July 16, 2012
Michael Bugeja, director,
Greenlee School of Journalism and Communication,
Iowa State University of Science and Technology
Journalism programs have been battling rumors that our industry is dying rather than changing, and that has impacted our discipline in more ways than most of us realize. The downsizing media, which had been happening since 2006, accelerated during the recent recession, with layoffs at metro outlets duly reported. This occurred as many universities adopted a business-based budget model that rewarded academic units for majors and student credit hours. As accredited programs must keep skills classes small, or no more than 20, this also hurt us.
The way to adjust for these phenomena is to recruit and retain students. At the Greenlee School, much of my week is spent on these tasks. I work with our program coordinator, Kim McDonough, on sending out email blasts, updating our prospective student blog, meeting with prospective students and their parents, and hiring our own majors to serve as ambassadors.
Our efforts here have proved successful.
If yours have, too, you might want to do a news release as we did below so that your constituents, benefactors and higher-ups know that journalism and mass communication is changing, and new admits are excited about that.
Here’s the release, which we update each month from May through August:
According to July 1 data, incoming student enrollment in both undergraduate degree programs of the Greenlee School of Journalism and Communication is up significantly over this time last year—25% in journalism and 40% in advertising—for a combined total of 131 student accepts, tied with Psychology as the highest total in the largest college at Iowa State University.
The Greenlee School is one of four destination majors in the college that also recorded incoming accepts above 100. Psychology reported 131 accepts as of July 1; Biology, 128; and Computer Science, 122. These units are considered “destination” majors because more than 1 out of every 4 incoming students in the College of Liberal Arts and Sciences has enrolled in the Greenlee School or these three other popular academic units.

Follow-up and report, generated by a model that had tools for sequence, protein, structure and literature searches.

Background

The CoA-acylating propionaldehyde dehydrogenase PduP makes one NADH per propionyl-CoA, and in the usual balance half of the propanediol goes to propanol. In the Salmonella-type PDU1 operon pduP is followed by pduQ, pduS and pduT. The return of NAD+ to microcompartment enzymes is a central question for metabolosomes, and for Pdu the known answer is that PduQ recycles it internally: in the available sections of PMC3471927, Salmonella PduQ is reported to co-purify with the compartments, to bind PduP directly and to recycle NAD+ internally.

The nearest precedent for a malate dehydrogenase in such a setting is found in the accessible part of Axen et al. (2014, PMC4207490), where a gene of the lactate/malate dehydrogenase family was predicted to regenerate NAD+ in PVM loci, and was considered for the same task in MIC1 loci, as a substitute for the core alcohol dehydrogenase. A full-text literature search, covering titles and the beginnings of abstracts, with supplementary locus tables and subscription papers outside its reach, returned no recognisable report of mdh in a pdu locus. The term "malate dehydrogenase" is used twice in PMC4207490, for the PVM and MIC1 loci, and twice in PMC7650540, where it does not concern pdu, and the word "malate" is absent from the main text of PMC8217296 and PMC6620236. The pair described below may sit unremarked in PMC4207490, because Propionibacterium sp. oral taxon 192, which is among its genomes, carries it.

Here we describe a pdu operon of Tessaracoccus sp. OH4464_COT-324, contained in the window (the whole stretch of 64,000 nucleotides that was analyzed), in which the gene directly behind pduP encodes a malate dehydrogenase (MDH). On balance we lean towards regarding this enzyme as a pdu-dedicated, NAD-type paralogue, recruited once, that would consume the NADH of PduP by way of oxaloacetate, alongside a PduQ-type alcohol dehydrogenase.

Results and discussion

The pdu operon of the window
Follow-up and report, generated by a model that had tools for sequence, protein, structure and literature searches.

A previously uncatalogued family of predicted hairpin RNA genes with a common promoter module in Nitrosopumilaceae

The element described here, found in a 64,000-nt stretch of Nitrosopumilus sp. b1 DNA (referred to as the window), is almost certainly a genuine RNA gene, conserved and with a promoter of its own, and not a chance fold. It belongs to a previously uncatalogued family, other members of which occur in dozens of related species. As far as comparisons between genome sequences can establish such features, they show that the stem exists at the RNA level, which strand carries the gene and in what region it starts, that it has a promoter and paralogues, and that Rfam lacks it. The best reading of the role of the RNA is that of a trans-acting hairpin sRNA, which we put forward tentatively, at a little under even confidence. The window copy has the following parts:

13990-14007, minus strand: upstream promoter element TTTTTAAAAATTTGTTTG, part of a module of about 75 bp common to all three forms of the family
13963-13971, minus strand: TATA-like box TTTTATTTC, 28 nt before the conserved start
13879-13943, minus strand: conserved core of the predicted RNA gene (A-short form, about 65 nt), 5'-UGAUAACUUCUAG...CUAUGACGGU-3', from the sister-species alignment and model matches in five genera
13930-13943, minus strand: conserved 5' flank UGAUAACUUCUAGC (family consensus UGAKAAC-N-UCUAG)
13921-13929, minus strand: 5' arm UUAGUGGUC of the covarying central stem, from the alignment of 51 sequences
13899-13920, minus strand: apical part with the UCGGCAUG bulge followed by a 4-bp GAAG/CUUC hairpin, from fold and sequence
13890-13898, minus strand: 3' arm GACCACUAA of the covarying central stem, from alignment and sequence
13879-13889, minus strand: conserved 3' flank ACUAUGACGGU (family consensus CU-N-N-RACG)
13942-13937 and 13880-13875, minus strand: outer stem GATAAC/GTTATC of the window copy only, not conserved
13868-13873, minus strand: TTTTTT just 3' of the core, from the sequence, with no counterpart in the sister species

The term “accepts” applies to students who have received an offer of admission to Iowa State University and have paid fees of $250 or more. Typically, the College captures 95% of those students who end up attending the institution.
Final enrollment figures won’t be available until August, but the trend continues to be encouraging. As of May 1, 2012, Greenlee School enrollment was at 118; since then, 13 more pre-majors have accepted offers.
In June, the School set a goal of recruiting an incoming class of 125 students in both undergraduate degree programs. Current enrollment in pre-journalism is 103 compared to 82 at this time last year; pre-advertising has 28 accepts compared to 20 at this time last year.
The College as a whole saw 19 academic units increase enrollment and 14 units lose enrollment over the same time period last year. As of July 1, total enrollment in the College is 1,849 as opposed to 1,821 in July 2011. The University’s total has risen with 6,952 incoming students as opposed to 6,541 at this time last year.
Director Michael Bugeja credited the award-winning faculty and staff for the higher totals. He and Program Coordinator Kim McDonough have been consulting with Mark Imerman, Director of College Relations and Student Recruiting, on recruitment and retention. Bugeja praised Imerman’s efforts and also credited academic advisers and student ambassadors for their work before and during orientation, as both interact with students and parents of prospective students.
To increase May 1 accept totals, which numbered 118 for both degree programs, Bugeja and McDonough sent email blasts, created blog posts and sent high school adviser letters. The goal of 125 new Greenlee students is close to reality and may even be surpassed by the 10th day of classes, Bugeja said. He asks alumni reading this enrollment update to continue encouraging potential journalists and practitioners to consider the Greenlee School.